The Impact of Lunch Timing on Nap Quality
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The human sleep-wake cycle follows a regular circadian rhythm, which is controlled by an internal biological clock (the suprachiasmatic nucleus), as well as external cues that aid in maintaining the system’s precise rhythmicity. Previous research on one of these external cues, meal timing, has yielded inconclusive results as to whether eating shortly before sleep onset negatively impacts sleep quality. To date, few studies have examined the effect of meal timing on the quality of daytime naps. Here, we used polysomnographic methods (EEG, EOG, EMG) and subjective self-reports of sleep quality and fatigue to examine whether the timing of lunch (1 vs. 2 hour interval between lunch and napping) impacts nap quality. Results revealed that subjective ratings and objective polysomnographic measures (total sleep time, sleep efficiency, sleep onset latency) of sleep quality were higher in the 2-hour condition relative to the 1-hour interval. Together, these findings suggest that a longer time interval between food intake and a subsequent nap can improve sleep quality, leading to more restorative sleep. Future research should continue to identify conditions that improve nap quality, thus maximizing the well-documented beneficial effects of sleep on human health and cognitive functioning.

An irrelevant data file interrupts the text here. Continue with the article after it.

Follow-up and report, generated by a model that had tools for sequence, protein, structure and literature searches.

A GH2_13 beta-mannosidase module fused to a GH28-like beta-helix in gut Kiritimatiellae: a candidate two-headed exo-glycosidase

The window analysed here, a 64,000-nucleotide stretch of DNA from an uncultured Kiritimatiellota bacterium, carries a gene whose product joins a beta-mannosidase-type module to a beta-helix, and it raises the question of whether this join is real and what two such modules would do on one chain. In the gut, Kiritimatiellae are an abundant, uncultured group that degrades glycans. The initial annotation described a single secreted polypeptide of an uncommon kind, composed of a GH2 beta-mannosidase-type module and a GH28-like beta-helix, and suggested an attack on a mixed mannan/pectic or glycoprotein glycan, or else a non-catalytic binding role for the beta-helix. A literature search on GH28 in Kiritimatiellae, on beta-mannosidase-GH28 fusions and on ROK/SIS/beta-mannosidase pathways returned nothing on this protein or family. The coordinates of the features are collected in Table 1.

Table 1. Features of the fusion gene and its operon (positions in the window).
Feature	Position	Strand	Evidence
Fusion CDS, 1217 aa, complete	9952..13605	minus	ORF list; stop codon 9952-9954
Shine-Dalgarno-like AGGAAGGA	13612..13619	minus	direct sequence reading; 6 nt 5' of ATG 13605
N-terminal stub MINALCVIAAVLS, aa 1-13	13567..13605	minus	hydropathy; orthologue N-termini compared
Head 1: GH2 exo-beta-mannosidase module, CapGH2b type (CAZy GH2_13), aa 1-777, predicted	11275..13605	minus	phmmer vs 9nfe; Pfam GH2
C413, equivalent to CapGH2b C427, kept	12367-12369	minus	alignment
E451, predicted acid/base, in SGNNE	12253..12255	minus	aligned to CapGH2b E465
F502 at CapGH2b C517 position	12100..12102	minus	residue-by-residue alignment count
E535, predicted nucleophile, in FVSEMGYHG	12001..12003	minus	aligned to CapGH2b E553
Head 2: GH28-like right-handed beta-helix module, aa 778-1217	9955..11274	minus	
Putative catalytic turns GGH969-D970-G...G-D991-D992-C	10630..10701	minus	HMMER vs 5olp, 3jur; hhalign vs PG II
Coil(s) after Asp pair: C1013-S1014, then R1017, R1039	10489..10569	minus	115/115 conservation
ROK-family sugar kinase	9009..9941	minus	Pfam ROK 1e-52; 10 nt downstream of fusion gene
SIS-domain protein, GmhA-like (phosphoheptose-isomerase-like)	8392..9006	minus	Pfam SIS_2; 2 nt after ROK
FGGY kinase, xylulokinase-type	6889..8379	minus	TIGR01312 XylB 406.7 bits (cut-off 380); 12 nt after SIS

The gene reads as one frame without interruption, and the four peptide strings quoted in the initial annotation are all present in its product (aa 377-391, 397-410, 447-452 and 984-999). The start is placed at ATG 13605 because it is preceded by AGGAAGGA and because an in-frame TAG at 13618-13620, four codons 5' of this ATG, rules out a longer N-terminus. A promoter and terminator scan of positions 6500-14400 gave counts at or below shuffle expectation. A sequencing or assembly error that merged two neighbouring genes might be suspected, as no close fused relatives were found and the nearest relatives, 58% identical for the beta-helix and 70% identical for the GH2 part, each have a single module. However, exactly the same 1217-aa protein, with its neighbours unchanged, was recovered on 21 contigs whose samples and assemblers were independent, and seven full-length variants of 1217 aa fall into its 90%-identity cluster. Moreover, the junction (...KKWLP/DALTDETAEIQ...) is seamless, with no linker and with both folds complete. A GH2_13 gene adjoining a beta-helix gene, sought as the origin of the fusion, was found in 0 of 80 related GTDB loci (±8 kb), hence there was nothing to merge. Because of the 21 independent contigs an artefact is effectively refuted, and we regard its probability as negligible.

URI for this recordhttp://hdl.handle.net/1974/30416
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